My thought is that this could ‘maybe’ be the right house as if it was larger and had remained in the same family for so many years then it could well have survived while others around it were demolished. Is this your ‘The Red House’ ???? …. God only knows as I have brain freeze now.

 

Dizzy I don't have much to contribute other than I think you are correct regarding Margaret Massey running a market garden business from "The Red House" as the map below of 1910 shows the area of glass houses have expanded since the map of 1896 (compare the two maps below), Margaret is possibly the daughter of Knowles (b 1797)and his wife Ann nee Maddock married Daresbury 27th May 1824, is it possible that he started the market garden business and was so successful that he could have afforded to build "The Red House"?, will we ever know.

ADDITION; In Slaters Directory 1895, Mrs Margaret Massey is given as a Fruiterer & Florist - Market Hall.

 

1896

ScreenShot017.jpg

 

1910

ScreenShot019.jpg

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Hi thanks everyone. It's all a bit of a mystery! Firstly having had a look at the maps, it seems to be that the buildings shown on the 1896 and 1910 maps are different. They seem to be in different locations which makes me think that the cottage or at least one was still standing in 1896. It's location appears to be next to the road whereas the new red house on the 1910 map is set back slightly. What is even odder is that the 1911 census refers to a cottage still being occupied ( by Mary Knowles) but the 1910 map clearly shows the new house! Anyway the red house looks to have been built by someone with money as Algy says.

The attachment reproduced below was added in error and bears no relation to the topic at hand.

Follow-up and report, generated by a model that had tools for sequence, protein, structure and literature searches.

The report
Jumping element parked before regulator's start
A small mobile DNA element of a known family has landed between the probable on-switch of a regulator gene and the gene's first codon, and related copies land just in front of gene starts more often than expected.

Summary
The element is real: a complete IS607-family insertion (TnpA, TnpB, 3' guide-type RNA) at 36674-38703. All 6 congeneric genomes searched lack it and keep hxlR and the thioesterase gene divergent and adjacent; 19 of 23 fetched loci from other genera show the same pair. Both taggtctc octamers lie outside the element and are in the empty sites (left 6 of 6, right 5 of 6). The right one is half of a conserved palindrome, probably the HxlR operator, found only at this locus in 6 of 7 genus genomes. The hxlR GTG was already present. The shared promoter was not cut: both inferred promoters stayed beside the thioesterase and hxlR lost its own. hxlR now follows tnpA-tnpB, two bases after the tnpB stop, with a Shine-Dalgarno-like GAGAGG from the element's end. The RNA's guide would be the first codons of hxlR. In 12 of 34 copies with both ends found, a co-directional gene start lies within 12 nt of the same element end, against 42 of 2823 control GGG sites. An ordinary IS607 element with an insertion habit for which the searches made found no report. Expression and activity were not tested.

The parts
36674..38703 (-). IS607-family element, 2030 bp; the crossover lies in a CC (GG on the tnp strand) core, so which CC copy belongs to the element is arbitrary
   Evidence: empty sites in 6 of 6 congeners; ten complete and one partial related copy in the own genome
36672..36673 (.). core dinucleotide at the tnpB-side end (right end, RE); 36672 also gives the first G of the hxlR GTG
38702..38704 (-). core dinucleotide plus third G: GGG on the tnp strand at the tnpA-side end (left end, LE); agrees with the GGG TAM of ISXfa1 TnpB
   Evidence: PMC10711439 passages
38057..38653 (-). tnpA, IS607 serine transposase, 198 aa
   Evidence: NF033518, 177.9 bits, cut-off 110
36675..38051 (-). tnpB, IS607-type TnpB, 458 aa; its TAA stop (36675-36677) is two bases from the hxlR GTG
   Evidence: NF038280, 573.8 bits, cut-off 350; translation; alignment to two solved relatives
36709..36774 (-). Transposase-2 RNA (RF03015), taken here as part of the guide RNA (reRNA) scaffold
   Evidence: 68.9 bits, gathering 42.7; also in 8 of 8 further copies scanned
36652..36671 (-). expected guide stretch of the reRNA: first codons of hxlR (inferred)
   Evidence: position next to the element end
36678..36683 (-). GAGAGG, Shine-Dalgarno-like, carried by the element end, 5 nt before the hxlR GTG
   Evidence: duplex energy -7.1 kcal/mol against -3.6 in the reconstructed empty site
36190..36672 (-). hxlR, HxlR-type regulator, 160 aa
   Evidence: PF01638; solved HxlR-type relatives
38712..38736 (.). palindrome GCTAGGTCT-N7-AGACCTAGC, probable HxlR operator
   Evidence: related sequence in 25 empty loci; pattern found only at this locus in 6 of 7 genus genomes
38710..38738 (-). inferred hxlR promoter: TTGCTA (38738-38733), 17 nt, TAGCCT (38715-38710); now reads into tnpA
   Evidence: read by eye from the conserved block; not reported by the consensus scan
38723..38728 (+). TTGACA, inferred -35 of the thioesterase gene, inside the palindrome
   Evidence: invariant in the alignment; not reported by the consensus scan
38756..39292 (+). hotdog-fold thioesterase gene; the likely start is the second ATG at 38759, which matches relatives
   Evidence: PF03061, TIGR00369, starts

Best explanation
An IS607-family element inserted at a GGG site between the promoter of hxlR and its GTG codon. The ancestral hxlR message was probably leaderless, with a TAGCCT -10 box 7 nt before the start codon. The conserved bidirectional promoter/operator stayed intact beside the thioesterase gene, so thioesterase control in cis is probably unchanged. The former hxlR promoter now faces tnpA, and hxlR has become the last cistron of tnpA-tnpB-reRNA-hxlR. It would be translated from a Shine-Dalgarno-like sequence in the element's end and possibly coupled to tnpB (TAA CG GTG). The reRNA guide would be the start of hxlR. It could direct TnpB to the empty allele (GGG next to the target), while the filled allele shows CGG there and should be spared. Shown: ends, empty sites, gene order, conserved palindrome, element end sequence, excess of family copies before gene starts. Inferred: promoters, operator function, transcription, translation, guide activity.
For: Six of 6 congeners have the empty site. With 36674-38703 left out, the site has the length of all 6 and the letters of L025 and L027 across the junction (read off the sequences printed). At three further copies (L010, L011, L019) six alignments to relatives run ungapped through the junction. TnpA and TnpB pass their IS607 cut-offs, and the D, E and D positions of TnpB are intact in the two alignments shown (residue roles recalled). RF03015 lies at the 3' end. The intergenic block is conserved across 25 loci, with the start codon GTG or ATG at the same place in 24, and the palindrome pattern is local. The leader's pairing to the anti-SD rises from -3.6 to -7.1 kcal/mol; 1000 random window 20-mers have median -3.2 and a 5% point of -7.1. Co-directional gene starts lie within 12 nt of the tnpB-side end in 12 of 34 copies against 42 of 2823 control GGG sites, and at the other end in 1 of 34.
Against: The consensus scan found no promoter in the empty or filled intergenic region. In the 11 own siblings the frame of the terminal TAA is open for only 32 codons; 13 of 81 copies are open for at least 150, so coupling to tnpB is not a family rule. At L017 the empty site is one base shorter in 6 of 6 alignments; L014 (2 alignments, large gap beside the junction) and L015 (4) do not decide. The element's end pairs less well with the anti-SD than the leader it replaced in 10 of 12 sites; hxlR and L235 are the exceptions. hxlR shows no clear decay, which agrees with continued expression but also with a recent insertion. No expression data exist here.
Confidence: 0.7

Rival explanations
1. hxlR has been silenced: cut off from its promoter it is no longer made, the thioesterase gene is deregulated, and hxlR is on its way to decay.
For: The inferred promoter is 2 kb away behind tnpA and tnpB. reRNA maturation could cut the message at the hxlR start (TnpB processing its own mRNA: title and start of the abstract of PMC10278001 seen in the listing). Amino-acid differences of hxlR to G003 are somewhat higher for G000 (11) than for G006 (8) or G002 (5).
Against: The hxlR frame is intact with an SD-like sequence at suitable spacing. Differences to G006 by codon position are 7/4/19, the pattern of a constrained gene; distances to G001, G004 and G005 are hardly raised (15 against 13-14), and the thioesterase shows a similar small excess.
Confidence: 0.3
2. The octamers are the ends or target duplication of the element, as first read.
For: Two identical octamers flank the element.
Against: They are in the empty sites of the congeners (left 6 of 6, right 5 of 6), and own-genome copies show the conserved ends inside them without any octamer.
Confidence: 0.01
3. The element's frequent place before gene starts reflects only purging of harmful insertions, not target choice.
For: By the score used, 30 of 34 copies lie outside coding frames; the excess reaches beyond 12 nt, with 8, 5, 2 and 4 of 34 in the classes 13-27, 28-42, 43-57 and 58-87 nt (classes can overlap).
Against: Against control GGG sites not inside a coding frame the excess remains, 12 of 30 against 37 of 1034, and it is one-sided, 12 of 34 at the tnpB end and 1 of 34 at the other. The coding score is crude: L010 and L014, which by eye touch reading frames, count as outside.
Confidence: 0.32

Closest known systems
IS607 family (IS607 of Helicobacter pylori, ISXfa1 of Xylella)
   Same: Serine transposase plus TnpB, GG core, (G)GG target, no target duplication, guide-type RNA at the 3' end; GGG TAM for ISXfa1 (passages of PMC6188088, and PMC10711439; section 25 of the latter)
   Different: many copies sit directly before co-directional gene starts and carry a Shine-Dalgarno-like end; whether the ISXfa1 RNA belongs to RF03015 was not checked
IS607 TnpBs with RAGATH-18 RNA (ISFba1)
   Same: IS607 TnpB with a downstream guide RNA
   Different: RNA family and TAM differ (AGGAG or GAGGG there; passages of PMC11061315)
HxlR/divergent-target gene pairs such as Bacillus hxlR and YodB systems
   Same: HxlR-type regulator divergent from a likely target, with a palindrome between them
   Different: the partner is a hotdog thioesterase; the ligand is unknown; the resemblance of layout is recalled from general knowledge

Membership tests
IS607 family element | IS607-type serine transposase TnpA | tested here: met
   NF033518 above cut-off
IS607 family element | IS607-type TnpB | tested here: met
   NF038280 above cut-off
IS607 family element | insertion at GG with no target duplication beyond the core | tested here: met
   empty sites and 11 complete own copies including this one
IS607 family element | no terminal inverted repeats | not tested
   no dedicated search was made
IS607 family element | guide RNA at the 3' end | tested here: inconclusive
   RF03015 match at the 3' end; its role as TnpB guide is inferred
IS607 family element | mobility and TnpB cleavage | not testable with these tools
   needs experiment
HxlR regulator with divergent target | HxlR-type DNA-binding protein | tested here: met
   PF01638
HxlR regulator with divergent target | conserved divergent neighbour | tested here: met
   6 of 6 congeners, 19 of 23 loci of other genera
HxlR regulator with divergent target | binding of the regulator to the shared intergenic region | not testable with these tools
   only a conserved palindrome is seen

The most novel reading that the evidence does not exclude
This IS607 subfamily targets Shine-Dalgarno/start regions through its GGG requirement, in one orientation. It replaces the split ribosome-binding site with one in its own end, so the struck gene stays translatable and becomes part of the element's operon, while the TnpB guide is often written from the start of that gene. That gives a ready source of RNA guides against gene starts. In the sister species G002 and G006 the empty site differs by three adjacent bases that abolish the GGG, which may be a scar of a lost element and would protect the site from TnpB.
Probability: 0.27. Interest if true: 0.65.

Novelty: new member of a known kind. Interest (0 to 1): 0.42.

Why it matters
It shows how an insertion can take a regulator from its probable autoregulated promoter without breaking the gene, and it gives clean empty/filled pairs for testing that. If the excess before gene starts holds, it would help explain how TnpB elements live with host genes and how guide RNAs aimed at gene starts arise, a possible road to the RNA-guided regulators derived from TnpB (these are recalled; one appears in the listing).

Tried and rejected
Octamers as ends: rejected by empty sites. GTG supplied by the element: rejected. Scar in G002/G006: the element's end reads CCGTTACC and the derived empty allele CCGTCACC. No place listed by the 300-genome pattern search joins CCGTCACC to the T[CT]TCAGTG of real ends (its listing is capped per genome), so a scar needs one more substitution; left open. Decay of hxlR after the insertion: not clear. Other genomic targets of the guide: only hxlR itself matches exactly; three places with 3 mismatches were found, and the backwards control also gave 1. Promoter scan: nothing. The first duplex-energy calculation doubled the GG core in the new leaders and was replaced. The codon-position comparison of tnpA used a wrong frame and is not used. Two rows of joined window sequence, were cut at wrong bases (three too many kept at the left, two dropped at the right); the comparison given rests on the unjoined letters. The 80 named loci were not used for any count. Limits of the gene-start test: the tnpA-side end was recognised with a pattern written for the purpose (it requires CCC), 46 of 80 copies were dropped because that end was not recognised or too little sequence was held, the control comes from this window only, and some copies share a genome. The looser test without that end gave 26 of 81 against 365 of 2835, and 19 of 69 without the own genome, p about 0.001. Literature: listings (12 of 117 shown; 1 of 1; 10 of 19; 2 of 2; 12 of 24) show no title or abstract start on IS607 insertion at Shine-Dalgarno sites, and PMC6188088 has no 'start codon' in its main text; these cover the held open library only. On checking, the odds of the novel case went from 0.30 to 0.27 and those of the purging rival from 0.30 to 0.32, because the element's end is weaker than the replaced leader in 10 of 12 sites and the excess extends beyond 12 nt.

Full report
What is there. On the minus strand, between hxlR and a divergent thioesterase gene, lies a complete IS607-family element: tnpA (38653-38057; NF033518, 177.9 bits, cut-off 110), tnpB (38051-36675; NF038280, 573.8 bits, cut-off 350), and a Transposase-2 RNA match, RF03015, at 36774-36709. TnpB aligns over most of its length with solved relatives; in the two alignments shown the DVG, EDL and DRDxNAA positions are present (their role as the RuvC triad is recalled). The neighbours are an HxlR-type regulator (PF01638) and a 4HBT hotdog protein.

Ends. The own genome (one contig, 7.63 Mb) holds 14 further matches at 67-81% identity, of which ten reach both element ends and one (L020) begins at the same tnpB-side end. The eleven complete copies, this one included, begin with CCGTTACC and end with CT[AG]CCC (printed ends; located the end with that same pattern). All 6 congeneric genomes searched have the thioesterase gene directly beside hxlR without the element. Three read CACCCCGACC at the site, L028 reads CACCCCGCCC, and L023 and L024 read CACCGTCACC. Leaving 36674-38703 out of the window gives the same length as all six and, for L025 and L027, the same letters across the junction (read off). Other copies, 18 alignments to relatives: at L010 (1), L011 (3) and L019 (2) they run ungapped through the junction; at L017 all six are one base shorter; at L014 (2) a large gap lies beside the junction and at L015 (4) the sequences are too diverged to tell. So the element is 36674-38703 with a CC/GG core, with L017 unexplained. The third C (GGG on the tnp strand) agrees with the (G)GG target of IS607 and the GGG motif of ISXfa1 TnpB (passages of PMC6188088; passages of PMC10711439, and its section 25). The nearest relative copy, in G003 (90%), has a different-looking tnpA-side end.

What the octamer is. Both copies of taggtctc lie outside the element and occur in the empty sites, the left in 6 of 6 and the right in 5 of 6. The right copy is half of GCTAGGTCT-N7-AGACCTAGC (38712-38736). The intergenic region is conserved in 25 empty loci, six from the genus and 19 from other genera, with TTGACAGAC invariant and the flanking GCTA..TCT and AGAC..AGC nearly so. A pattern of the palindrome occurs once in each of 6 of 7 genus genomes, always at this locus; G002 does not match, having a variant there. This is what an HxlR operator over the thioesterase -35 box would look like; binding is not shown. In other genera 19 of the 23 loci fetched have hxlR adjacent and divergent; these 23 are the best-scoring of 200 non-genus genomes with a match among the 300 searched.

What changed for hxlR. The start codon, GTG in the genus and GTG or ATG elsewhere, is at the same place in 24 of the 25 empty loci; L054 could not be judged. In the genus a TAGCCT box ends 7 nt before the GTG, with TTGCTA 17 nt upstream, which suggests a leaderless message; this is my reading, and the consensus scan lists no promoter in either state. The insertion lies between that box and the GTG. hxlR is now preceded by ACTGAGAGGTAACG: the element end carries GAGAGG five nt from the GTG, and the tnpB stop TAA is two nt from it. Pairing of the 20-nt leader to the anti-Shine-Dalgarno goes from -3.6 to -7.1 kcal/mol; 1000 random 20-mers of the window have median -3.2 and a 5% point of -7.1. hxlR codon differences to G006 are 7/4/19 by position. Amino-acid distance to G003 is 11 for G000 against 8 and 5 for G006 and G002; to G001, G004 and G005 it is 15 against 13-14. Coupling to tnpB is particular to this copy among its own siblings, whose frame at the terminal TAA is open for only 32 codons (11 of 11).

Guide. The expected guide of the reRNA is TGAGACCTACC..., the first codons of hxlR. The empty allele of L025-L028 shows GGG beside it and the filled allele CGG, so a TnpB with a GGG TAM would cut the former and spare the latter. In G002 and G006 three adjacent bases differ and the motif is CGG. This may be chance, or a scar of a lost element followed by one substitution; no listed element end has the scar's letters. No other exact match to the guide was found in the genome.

DIizzy, the title deeds we have only go back to the early 1960s when the property was sold by what appears to be the Greenall estate and I had always assumed that the house was built for the estate perhaps for a land manager? This is complete guesswork! Also the pottery looks to me like Victorian garden pots and there is also some clay earthenware but am no expert and it could be Roman?! What does the local Roman pottery look like and is it worth me getting in touch with the Museum?

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Hi thanks everyone. It's all a bit of a mystery! Firstly having had a look at the maps, it seems to be that the buildings shown on the 1896 and 1910 maps are different. They seem to be in different locations which makes me think that the cottage or at least one was still standing in 1896. It's location appears to be next to the road whereas the new red house on the 1910 map is set back slightly. What is even odder is that the 1911 census refers to a cottage still being occupied ( by Mary Knowles) but the 1910 map clearly shows the new house! Anyway the red house looks to have been built by someone with money as Algy says.

 

DIizzy, the title deeds we have only go back to the early 1960s when the property was sold by what appears to be the Greenall estate and I had always assumed that the house was built for the estate perhaps for a land manager? This is complete guesswork! Also the pottery looks to me like Victorian garden pots and there is also some clay earthenware but am no expert and it could be Roman?! What does the local Roman pottery look like and is it worth me getting in touch with the Museum?

Pento' I agree with you, the 1896 map shows perhaps the right hand cottage (facing) and 1910 your house, also the quality of "The Red House" would have been far out of reach of a market gardener of that era to build, you are probably correct in your assumption that Greenall's built it for one of their employees.